It's Not Porn, People, It's Food

Can we look at a woman nursing and think "lunch"? We have learned to stop blushing at the sight of a pregnant woman. It's more than time to give nursing mothers the same break.
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A mother in Virginia, who also happens to be a member of the state Senate, plans to nurse her newborn at work, and that fact is covered by The Washington Post.

A mom in Los Angeles visits the Design Exhibit at the LA Country Museum of Art, and pauses on a bench to nurse her 21-month-old. An employee asked her to cover up, and that fact goes viral on Facebook and Twitter.

And you might have heard mention of the mother on the cover of TIME magazine who was shown nursing her nearly 4-year-old son last week? You know, the photo that was either a desperate grab for attention, a beautiful depiction of the mother-child bond, or the latest attempt to make women doubt their parenting methods -- depending on who you ask?

I have one question.

Why do we care?

After all, Jamie Lynne Grumet would not have been on the cover of anything handing her son an apple or a piece of cheese. And Jill Vogel would not have made news if she'd announced that she planned to change 18-day-old Olivia's diaper as needed during the time the baby spent with her mother in the office. And Katie Hamilton would have been left in peace to rock her sleepy daughter on that museum bench. All these tasks -- feeding, changing, soothing -- are mundane, repetitive, everyday actions that parents everywhere do without notice.

The thing that's different about breastfeeding, of course, is the breast. And isn't it time we grew up?

Reading the coverage of these incidents, you would think that the readers and writers alike were all adolescent boys. "An LA mom whipped out her booby," the article about Katie Hamilton on the LA Weekly website began.

"Mom puts boob in Preschooler's Mouth," read the headline on Gawker about the Time cover.

"Mmmm titties!" reads a typical comment on the website of the Business Insider on the same subject.


Once upon a time pregnant women didn't go out in public after they began to show. They rarely used the word "pregnant," but rather euphemisms like "in the family way." (CBS executives insisted that Lucille Ball use the word "expectant" for fear of offending viewers.) Teachers were forced to quit their jobs in their second trimester, lest their charges be exposed to evidence of their sexuality.

Now as then, sex leads to pregnancy, but over time we have managed to unlink the two in daily use, and when we see the result, we do not de facto think of the cause. Pregnancy is about babies now -- something to celebrate, or, at least, nothing to hide.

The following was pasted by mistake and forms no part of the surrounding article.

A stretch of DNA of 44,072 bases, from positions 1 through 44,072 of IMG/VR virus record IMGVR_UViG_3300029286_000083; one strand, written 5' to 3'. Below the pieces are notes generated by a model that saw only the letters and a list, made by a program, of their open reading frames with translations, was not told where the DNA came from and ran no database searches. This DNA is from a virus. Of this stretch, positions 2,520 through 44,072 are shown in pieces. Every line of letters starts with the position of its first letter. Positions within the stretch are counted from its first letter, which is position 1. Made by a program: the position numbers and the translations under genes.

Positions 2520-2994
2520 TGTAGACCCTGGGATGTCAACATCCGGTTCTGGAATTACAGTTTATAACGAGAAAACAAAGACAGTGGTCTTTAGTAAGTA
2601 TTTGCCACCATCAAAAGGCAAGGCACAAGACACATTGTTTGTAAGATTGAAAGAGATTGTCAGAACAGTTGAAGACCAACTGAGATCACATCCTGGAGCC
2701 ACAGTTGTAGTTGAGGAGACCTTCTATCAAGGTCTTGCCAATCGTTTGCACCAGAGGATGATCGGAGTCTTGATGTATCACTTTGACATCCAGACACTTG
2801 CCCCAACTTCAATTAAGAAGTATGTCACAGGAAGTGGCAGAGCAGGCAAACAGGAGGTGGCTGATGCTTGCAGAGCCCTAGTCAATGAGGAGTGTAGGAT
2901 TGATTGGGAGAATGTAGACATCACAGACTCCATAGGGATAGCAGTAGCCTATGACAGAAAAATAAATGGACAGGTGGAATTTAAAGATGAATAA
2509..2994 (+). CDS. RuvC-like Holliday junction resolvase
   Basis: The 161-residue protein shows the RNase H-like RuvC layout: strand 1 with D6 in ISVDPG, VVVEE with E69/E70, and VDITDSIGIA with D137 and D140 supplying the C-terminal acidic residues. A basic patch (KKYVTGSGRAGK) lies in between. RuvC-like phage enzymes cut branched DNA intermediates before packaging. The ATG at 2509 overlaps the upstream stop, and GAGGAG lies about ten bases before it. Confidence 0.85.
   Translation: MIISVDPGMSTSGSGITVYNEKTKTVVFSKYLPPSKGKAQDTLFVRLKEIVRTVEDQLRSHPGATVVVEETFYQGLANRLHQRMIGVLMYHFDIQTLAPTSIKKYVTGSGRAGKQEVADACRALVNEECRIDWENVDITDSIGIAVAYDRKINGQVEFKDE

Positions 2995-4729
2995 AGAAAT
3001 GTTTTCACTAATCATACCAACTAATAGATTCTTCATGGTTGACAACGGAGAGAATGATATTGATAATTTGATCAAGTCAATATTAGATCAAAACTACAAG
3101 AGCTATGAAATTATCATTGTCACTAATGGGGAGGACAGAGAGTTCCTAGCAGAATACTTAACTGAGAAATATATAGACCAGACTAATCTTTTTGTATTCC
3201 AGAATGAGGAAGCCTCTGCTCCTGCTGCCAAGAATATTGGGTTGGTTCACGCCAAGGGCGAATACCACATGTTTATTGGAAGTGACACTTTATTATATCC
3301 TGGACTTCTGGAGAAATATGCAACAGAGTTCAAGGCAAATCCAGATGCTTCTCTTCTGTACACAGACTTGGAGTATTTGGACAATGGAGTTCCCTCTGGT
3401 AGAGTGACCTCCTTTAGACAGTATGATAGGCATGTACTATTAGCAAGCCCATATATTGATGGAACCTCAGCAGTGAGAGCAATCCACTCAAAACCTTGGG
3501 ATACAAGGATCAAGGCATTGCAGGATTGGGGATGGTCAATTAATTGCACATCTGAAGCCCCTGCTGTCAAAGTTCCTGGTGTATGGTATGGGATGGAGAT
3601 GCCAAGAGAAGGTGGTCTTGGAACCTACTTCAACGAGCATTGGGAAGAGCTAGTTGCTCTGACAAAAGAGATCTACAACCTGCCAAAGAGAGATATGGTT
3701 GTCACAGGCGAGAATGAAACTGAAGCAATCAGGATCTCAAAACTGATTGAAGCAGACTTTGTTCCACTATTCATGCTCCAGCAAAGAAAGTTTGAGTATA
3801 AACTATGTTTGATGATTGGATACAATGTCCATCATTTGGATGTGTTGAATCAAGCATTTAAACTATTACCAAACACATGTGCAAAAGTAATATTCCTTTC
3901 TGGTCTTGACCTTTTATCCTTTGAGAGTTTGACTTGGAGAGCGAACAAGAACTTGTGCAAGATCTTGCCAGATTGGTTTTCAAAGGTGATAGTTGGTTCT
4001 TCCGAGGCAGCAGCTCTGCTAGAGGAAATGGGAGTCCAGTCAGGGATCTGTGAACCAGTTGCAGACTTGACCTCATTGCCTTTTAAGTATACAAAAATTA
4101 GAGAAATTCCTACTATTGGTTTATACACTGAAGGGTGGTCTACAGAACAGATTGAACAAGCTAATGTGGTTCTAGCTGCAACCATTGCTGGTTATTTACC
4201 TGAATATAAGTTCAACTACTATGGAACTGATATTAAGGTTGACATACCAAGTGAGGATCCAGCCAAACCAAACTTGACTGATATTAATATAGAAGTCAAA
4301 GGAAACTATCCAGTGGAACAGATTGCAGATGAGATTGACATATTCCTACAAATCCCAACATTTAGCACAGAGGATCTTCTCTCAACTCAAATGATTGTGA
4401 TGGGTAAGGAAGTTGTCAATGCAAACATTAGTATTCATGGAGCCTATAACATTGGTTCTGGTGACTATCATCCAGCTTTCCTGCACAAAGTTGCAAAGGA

Can we ever reach that collective point when it comes to breastfeeding? Can we look at a woman nursing and think "lunch"? Yes, there is a nipple involved. But a breast in use to feed a child is no more titillating than a vagina being used to give birth to one. We have learned to stop blushing at the sight of a pregnant woman. It's more than time to give nursing mothers the same break.

I am not advocating that every breastfeeding mom strip to the waist whenever her baby needs nourishment. (Newsflash -- none of us really wants to.) Mostly I am suggesting that we stop paying any attention at all -- except the kind that makes it easier for mothers to get their children fed.

That means yes to longer maternity leaves, and more abundant lactation rooms, and laws like the federal one requiring employers to give lactating employees regular breaks to pump, and the one in Seattle declaring breastfeeding to be a civil right. It means yes to training programs at places like the Los Angeles County Art Museum that make it clear to employees that women in all 50 states have the right to nurse anywhere they have the right to legally be. And yes to a more civilized conversation that recognizes that choosing breast or bottle is not a measure of love.

And it means no to results like those in the latest report from the National Partnership for Women and Families showing that 14 states earned a grade of "D" when it comes to laws protecting new parents, no to any more incidents where nursing mothers are asked to leave any place at all, and to anyone who would attempt to make a mother feel guilty for choosing bottle or breast or vice versa, and to headlines and comments that giggle and point.

Finally, it means a very big no to magazine covers that make breastfeeding sound like an identity rather than an action.

It's not porn, people, it's food.

Mostly it's not our business.

Get over it.

A thank-you to Rebecca Silverman Fitzgerald, whose conversation with us over lunch here at HuffPost Parents a few months ago got us thinking of the parallels between "pregnancy shame" and breastfeeding in the first place.

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